South West Four returned for its 14th year on London’s Clapham Common with two days of electronic music across Saturday, August 25th and Sunday, August 26th headlined by Pendulum and Deadmau5 respectively. Ann McManus was there on the Sunday.
It was lovely to see ravers of all ages bopping around, some dressed as though out for a ramble with waterproof sunhat and hiking boots.
Bank holiday Sunday was miraculously one of the best days weather-wise all summer. Last year SW4 turned around so many of the criticisms against the event, in particular, a very long negotiation with the council had seen some relief on the tight sound level restrictions. I hoped for the same again this year. Brunching in my garden not far from the site, in Stockwell, I listened out for the distant bass beginning at 12.30 but I couldn’t make anything out. I disregarded the thought that the sound had been reduced again and blamed myself for forgetting to take my earplugs out recently.
By the time I got to Clapham High Street it became clear the sound levels were back to a level that won the festival the right to repeat it’s annual weekend tenure on the Common. Considerately low for the residents, but a little less appealing to the ravers. With the heat, the outdoor Main Stage seemed to lack energy, despite a chirpy set from Martin Solveig followed up by Example & DJ Wire using their combination to provide the crowd a more interactive set, with Example playing the part of band front-man/vocalist and having banter with the audience between bouncing around, delivering hits like ‘Kickstarts’.
Seeking solace in the shade of the tents, we wandered down to see where the crowds were. Nicky Romero was winning the crowd drawing competition, with The Gallery’s tent packed out to the brim. Second in the running at that time was Amnesia, where the decks were being dominated by techno legend Sven Väth. Timing may have been bad, but I felt this year’s set from Sven lacked the vibrancy I enjoyed at previous sets of his.
Opting for some sunbathing, we headed back to the outdoor Main Stage where we could sprawl out on the grass and enjoy tracks of Parisian producer and DJ, Tchami. Starting with a breezy, summer sounds like Duke Dumont x Gorgon City - ‘Real Life’ (Dillon Francis Remix), Tchami moved slightly darker with his own track Tchami & Malaa - ‘Prophesy’. Next up was Jauz, who transitioned from sound to sound, with a firm EDM presence in among D&B interludes. As with Tchami, it was Jauz’ own tracks that were particularly well received, with the cute track Jauz & Crankdat feat. Slushii - ‘I Hold Still’ and ‘Deeper Love’ rousing a lot of sunbathers up from the grass.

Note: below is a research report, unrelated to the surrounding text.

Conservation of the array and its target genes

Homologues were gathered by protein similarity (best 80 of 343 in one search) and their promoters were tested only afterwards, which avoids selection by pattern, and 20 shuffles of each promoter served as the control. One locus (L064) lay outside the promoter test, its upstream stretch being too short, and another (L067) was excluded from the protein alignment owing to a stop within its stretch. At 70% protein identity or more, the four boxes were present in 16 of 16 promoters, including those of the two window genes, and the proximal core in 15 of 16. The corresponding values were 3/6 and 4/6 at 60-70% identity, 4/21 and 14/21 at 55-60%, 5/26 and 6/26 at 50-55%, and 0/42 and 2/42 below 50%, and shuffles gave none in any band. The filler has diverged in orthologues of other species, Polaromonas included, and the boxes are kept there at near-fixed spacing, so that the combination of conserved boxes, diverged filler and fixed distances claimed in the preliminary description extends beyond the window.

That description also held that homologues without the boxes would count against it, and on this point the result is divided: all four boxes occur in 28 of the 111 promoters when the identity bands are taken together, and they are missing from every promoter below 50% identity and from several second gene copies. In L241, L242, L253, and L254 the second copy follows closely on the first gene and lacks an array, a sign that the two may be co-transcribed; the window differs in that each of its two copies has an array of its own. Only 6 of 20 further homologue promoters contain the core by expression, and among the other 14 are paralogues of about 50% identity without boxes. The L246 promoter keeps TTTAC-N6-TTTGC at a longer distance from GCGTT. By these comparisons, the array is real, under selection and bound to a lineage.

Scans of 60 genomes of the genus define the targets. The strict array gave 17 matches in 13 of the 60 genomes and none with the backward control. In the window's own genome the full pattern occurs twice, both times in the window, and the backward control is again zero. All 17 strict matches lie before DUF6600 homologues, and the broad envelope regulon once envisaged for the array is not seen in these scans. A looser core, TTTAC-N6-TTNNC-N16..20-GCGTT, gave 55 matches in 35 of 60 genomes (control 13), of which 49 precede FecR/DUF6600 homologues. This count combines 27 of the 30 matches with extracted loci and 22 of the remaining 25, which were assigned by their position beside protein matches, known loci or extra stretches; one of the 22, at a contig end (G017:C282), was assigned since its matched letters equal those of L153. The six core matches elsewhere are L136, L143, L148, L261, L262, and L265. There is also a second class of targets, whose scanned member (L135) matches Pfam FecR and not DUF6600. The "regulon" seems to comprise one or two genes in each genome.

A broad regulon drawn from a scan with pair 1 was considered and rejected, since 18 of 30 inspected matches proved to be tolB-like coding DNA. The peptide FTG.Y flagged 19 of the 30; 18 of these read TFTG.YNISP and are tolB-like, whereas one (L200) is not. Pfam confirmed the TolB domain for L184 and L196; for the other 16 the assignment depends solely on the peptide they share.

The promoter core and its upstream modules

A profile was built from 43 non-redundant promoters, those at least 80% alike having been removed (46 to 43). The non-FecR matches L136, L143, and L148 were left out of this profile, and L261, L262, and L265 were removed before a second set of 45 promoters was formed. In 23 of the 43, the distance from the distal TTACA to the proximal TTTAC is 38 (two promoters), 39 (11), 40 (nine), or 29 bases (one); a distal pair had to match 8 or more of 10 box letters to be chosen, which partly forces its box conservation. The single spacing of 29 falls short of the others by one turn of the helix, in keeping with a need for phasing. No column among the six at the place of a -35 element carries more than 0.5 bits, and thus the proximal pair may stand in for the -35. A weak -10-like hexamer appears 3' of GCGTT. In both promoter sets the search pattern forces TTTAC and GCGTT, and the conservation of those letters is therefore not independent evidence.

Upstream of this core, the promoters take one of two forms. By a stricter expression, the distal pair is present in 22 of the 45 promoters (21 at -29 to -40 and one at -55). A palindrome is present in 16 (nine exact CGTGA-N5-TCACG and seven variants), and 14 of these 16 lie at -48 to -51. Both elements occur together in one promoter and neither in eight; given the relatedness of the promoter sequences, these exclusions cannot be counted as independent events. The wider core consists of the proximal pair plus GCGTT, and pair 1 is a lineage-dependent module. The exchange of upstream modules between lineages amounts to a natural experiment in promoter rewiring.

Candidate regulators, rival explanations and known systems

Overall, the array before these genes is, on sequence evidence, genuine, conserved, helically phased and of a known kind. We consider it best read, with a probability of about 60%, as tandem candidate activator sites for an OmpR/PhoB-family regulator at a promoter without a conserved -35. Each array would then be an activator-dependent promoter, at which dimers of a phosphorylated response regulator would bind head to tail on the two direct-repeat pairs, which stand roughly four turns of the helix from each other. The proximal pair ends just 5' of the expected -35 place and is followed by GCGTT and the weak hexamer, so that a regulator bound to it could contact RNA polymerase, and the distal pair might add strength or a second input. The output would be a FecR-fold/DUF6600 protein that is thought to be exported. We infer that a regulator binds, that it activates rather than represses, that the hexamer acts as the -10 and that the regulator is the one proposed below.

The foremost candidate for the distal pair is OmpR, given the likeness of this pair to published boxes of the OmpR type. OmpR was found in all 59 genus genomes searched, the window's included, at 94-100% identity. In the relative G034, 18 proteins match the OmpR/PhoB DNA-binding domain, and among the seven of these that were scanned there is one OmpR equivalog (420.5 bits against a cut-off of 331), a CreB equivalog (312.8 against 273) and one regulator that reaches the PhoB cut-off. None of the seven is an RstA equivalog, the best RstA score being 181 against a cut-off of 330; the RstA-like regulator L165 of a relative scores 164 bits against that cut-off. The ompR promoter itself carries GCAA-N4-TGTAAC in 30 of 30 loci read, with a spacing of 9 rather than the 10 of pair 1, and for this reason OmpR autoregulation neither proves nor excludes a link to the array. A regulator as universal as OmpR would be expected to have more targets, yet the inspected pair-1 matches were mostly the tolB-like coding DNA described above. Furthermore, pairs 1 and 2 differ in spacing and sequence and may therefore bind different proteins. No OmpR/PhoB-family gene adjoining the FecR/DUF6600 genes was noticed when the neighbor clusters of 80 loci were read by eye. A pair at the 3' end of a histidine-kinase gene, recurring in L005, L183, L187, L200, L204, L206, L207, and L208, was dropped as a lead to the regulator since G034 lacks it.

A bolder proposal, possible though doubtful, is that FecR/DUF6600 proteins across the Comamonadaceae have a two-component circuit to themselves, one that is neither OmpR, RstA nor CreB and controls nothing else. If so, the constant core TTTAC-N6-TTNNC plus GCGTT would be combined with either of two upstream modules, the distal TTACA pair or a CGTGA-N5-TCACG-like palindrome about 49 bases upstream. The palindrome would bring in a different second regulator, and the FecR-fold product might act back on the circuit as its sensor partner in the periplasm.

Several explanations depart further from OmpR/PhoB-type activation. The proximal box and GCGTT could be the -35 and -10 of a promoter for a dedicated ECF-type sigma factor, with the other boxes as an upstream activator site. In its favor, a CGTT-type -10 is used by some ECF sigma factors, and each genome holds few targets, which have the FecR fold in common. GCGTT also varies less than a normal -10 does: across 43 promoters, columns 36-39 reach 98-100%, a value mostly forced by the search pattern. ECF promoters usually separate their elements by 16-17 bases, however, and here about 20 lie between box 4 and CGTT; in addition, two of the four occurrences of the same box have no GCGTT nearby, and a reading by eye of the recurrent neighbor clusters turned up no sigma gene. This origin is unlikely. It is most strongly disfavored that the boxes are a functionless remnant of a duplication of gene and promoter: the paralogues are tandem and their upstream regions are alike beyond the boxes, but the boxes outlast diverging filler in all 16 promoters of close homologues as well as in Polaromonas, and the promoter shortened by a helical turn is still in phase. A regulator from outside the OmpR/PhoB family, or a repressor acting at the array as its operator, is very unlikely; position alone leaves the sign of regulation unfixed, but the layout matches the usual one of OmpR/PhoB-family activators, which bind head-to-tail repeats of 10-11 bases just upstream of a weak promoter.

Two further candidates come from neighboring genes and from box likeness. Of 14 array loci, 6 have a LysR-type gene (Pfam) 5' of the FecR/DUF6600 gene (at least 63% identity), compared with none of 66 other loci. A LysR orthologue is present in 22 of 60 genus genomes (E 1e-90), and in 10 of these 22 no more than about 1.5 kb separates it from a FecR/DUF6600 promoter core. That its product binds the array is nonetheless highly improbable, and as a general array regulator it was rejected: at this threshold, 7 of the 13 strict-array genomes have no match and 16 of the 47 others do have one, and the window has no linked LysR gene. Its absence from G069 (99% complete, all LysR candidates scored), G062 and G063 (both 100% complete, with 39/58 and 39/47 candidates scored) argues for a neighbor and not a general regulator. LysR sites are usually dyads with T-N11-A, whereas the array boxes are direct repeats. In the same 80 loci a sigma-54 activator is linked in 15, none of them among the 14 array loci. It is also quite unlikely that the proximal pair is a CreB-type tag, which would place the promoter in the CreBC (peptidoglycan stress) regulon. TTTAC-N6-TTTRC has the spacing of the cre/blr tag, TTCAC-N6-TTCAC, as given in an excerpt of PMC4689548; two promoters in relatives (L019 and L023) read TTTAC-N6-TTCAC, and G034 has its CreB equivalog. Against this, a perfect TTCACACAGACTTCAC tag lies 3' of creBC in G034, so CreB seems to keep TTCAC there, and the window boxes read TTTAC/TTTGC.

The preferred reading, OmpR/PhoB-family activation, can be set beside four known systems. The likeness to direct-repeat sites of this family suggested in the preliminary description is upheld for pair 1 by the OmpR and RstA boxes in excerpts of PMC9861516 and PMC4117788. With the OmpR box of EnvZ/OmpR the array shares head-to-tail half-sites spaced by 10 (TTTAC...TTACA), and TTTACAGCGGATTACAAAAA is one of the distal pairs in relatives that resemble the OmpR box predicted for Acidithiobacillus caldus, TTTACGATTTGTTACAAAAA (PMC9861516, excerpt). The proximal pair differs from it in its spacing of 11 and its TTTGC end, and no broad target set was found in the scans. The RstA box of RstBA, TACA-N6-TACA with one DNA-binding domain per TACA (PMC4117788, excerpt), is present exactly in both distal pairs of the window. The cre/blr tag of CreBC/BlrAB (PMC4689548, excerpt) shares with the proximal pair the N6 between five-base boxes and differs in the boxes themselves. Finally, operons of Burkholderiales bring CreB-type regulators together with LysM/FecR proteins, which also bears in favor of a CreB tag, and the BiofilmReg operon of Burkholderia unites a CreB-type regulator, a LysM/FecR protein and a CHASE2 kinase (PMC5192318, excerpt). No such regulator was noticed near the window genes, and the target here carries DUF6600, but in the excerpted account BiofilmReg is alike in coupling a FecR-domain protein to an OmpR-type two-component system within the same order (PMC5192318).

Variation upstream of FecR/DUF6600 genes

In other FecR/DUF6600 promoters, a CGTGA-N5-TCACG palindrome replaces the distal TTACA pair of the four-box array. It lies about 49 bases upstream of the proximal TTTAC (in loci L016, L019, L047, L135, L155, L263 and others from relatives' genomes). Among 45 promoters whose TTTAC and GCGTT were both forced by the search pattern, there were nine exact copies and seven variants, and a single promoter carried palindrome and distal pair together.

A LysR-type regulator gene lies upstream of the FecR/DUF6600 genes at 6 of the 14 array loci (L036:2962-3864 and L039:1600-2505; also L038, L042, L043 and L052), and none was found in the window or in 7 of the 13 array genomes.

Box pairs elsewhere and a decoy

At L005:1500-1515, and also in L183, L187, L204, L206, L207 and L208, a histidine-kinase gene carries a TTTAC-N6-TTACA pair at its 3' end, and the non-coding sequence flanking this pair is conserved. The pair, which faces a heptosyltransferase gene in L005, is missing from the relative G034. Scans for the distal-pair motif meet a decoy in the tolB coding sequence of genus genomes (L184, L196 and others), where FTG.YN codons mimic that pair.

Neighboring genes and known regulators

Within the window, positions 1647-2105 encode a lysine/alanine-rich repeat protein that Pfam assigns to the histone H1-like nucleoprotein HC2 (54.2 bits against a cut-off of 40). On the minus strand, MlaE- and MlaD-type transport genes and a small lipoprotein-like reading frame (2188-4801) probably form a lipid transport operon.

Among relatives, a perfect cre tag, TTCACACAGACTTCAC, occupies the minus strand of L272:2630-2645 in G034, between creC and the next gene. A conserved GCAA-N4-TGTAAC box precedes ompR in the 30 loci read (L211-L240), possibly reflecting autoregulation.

Wandering through John Digweed’s set in B.Trait Selects, it was lovely to see ravers of all ages bopping around, some dressed as though out for a ramble with waterproof sunhat and hiking boots, as Digweed looked as focussed as ever in delivering a technically-astute set. Cosmic Gate had drawn in fairly diverse crowd to The Gallery, with the duo sampling party classics like House of Pain - ‘Jump’ into their dynamic trance set.
My second favourite set of the day (saving the best to the end) came from Dusky’s live set in B.Traits Selects. A crisp pairing of mainstream grime with deep house was delivered really well, with shufflers taking delight in Dusky feat. Wiley - ‘Sort It Out Sharon’.
I knew my top set of the day would be Deadmau5 as soon as I saw the line-up. I knew last year The Chemical Brothers had spoilt the Common silly with mind-blowing production, leaving Toronto’s megastar with big boots to fill. Deadmau5 had promised to bring the latest in his line of “cubes” (a high-tech visual display on top of which Deadmau5 sets up deck). Cube 2.1 had caused a sensation when revealed in NYC earlier this year.
The set opened with ‘Imaginary Friends’ from last year’s catchily-named album, W:/2016ALBUM/ a track which follows a similar pattern to ‘Strobe’ in the way it progresses, starting deadly slow and working up to a pulsing trance beat. The stage was black, save for blinding flash lights on either side, flashing without revealing Deadmau5. As the winding transcended into the first trance bass drop, a white line began to pencil in the stage, as if drawing the cube podium from scratch. Once the cube was pencilled in, the mouse ears appeared and the party started. All the classic tracks played, with the crowd getting emotional to ‘Strobe’ and ‘Some Chords’, singing along to ‘Ghosts n Stuff’ and dancing feistily to ‘Sometimes Things Get, Whatever’. For a Deadmau5 fan, it hit the spot, but having seen what The Chemical Brothers could do to the stage, the production seemed minimal - despite the cube being a cool set-up.
Overall, I felt there was something missing this year that last year had. It seems too easy to blame it on the quieter sound, but that did make a huge difference. When the weather is so rarely excellent, crowds want to be able to lap up as many rays as possible, and a slightly louder stage allowed the audience the luxury of enjoying sets from world-class DJs, in the sun, in the comfort of their neighbourhood. Understandably the event needs to take heed of the fact it is surrounded by residential areas, but last year it seemed to strike the balance so perfectly… one more of those.
Images (top to bottom) by Laurence Howe, Monica of www.monica-ng.com, Laurence Howe (2), Graham Joy.